It’s always unfortunate when an artist has to follow an epochal album. Considering Kid A in the wake of OK Computer was never fair. Pink Floyd‘s awful Final Cut was doomed after The Wall. Placing Kendrick Lamar‘s previous album, To Pimp a Butterfly, in such a legendary ballpark is obvious to anyone who’s heard the record without blinkers. As a result, Lamar’s fresh follow-up was always going to find itself trapped under expectations and heft. Released five days ago, Damn has more written about it in comparison to its predecessor than its own merits.
This is natural.… [continue reading]
When Woody Guthrie scrawled “This machine kills fascists” on his guitar, it became an enduring adage to the revolutionary minded. He was a folk-singer, far ahead of his time. Richly associated with protest, he foreshadowed the posturing of Bob Dylan, Johnny Cash, Billy Bragg and the rest. Accordingly, his lyrics and music carry as much weight and relation today as they did close to a century ago. That’s why it’s such a shame that he couldn’t be around to help out PepsiCo, leaving us with Kendall Jenner in his place.
Just imagine it. Instead of some modelling mimzy, crooning through crowds with the sincerity of a cold-caller, we’d have Guthrie championing peace like only he can.… [continue reading]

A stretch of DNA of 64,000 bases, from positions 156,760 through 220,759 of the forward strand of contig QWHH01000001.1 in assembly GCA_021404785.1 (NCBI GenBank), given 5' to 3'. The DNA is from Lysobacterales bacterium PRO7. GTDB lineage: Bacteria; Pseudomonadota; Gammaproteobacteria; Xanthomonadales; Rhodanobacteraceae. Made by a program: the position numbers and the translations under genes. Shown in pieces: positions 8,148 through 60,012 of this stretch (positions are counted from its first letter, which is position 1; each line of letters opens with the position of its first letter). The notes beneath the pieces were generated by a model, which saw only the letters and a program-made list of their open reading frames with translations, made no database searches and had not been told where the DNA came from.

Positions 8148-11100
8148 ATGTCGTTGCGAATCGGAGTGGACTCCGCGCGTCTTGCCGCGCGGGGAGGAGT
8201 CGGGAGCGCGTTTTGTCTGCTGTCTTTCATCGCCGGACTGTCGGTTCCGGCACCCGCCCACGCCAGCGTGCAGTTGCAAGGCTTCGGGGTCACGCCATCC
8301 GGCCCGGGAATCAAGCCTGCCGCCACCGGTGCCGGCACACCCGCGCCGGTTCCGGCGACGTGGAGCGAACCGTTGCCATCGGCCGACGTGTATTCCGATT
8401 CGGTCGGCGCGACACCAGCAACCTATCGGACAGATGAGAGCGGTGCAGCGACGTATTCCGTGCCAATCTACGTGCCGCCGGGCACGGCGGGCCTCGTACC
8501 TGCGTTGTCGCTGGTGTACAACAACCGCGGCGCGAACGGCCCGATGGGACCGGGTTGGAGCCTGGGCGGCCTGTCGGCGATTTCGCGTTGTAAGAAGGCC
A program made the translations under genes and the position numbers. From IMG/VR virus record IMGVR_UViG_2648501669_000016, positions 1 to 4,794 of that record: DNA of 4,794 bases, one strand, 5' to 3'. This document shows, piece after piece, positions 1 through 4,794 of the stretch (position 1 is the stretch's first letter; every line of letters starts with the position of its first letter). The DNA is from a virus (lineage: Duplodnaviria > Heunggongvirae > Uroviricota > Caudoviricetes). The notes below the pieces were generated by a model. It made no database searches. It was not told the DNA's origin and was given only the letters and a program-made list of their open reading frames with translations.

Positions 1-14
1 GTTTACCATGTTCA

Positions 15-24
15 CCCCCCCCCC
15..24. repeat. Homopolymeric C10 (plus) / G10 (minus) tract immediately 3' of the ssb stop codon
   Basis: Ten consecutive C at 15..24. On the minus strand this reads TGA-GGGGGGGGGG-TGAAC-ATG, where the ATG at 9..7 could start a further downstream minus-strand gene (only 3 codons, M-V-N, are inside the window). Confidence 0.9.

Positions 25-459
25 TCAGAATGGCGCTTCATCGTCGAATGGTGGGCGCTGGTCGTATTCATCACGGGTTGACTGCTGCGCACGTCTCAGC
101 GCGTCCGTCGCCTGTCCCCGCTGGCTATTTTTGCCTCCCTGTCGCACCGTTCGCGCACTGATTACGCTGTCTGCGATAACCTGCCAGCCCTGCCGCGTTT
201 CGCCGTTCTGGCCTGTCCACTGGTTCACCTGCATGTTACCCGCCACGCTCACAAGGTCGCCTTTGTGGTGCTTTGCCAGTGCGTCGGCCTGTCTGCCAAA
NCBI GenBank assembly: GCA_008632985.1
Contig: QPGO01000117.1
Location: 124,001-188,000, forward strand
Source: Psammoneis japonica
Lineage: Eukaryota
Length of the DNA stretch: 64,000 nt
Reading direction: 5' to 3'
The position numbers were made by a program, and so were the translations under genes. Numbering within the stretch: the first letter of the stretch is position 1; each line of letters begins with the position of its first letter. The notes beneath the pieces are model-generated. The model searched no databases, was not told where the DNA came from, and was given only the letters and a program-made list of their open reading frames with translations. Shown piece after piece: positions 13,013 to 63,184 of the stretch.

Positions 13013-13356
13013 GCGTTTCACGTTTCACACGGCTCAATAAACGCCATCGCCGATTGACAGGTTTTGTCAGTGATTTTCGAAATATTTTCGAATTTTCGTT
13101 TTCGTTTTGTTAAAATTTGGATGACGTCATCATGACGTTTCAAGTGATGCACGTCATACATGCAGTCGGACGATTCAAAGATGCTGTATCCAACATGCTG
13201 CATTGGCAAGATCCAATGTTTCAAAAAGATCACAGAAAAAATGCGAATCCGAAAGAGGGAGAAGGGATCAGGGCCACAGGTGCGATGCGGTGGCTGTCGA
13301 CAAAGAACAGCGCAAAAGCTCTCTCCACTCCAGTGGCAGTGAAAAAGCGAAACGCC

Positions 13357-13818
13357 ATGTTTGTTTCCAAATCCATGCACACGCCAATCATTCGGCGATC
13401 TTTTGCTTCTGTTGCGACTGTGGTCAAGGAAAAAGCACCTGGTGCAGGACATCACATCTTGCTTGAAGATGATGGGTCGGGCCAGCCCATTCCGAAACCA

This game – this damn game – is the reason I didn’t publish an article on Secret Cave for more than two months.
I’d planned out at least four different articles for Nier in my head over that time, but none could do it justice. I had to keep playing until I’d reached 100% completion.
And once I saw everything it had to offer, I was at a total loss for words.
Nier is quite possibly the best gaming experience I’ve ever had. I say “experience” because (as with an increasing number of titles) Nier manages to interact with the player directly, completely separate from the in-game characters.… [continue reading]
Over the past 15 years, I’ve played countless games. From Snake and Space Impact (even the name evokes a wave of nostalgia) to modern masterpieces like Nier and Nuclear Throne.
However, despite having primarily played games on PC (474 Steam games and counting) for years now, there is one console that will always hold a special place in my heart and cupboard – the PS2.
While that’s partly because of the large chunk of my childhood I spent on the console, it’s also because the PS2 has some of the greatest games ever made in its library.
Jak and Daxter (1 and 3), Ratchet and Clank (take your pick), Soulcalibur 3 (stick it 2), Devil May Cry, and the flawed masterpieces that are Drakengard and Shadow of Memories.… [continue reading]
Adam Volerich is a storyteller. His devotion to such narratives has brought him to develop talents in a wide array of disciplines. Be it through writing, directing, editing, producing or more, Volerich is always able to convey something evocative and interesting. His passion and, self-proclaimed, anxious intensity make him an extremely promising young creative, with an enormous weight to his catalogue. Volerich has no apparent interest in slowing down either, instead pushing ever-forward into new territory.… [continue reading]